Strategic planning and financial planning are two distinctly different tasks designed to optimize business performance. The purpose of strategic planning is to outline the mission, vision, and tactical goals of a firm. A strategic plan will include expectations for the use of all company resources, including financial capital, human resources, intellectual property, etc. In contrast, financial planning sets specific goals related to the structure and availability of financial capital. The following paper will identify the similarities and differences between strategic and financial planning as they related to Harley Davidson (NYSE: HOG). Using the Harley Davidson’s 2013 annual report to investors, the paper will locate a key strategic initiative and discuss its impact on financial planning, the supply chain, and ethics.
FIN 370 Week 3 Instructions
Find the company selected for the Week 2 assignment’s annual report from SEC.gov or the investor relations section of the company’s website. Be careful not to use quarterly reports.
Write a 1,050- to 1,400-word paper in which you describe the relationship between strategic and financial planning. Include the following:
- A strategic planning initiative for the organization identified in the Week 2 assignment –
- Identify an initiative discussed in the organization’s annual report.
- How the initiative affects the organization’s financial planning
- How the initiative affects costs and revenues of the supply chain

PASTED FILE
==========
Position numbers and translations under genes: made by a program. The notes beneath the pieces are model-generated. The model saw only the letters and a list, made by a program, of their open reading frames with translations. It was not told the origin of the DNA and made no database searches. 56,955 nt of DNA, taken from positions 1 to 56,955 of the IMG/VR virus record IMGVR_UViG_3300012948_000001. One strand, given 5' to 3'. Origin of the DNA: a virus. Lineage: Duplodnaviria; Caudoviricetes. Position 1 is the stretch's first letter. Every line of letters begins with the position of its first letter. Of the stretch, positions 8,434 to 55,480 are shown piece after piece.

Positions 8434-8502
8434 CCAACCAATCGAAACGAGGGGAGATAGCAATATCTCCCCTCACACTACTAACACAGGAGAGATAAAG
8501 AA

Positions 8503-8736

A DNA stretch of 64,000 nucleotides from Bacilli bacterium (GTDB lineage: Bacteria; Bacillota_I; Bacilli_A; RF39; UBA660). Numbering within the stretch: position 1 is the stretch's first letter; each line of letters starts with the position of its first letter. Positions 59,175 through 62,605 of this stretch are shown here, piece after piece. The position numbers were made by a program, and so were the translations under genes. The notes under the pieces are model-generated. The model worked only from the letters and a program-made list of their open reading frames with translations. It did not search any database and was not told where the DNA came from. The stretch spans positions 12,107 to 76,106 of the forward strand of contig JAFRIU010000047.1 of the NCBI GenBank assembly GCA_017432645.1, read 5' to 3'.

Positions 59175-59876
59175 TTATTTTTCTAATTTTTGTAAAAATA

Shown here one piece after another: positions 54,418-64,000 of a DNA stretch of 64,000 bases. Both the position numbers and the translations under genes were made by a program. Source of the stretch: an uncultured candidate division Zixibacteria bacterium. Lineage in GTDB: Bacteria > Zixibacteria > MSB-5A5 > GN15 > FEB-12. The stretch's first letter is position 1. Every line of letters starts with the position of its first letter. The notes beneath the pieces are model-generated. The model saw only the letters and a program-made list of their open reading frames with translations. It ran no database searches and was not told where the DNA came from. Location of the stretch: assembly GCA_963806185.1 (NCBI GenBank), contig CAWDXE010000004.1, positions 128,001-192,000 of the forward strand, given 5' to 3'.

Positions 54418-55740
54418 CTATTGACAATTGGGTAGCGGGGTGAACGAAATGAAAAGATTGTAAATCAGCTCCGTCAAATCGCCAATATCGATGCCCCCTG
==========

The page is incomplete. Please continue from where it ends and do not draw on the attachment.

- Ethical concerns related to the initiative
Strategic Planning Initiative
As a vertically integrated motorcycle production company, Harley Davidson must keep a constant focus on innovating its manufacturing processes. To reach peak efficiency, it is essential that that manufacturing process is closely aligned to the seasonal demand for motorcycles throughout the world. In the 2013 annual report, the company outlined the following strategic initiative; “Flexible manufacturing hit the ground running at Harley-Davidson in 2013. With the seamless launch of surge production at our York, PA. plant early in the year, we were able to ramp up production heading into spring and build motorcycles closer to seasonal sales patterns” (Harley Davidson, Inc 2014). In addition to the York, PA plant, the company has plans to implement surge production practices throughout its U.S based manufacturing locations.
The implementation of this plan has several notable implications on the company’s strategic direction. Shareholders, employees, suppliers, and consumers will need to be prepared for how surge manufacturing will affect their stake in the company. Ideally, the ability to manufacture products based on seasonal demands will provide efficiency to production and a higher return on shareholder equity.
Affects on Financial Planning
First, the company’s bottom line is highly dependent on the efficiency of the manufacturing process. When investing in new plant and equipment assets, it is essential that they reduce the variable costs needed to produce each motorcycle. A useful metric for this area is the Return on Assets Ratio (ROA), which determines how much revenue is produced based on the company’s asset total. New advancements in information technology and robotics have provided Harley Davidson with plethora of choices for upgrading plant assets. From a financial standpoint, upgrading to new plant assets will create a higher degree of leverage and thus more risk for shareholders. However, if new assets can reduce variable costs they will improve operational profitability when demand is high. A breakeven analysis can be used to measure the precise amount of revenue that must be generated for new plant assets to provide higher returns.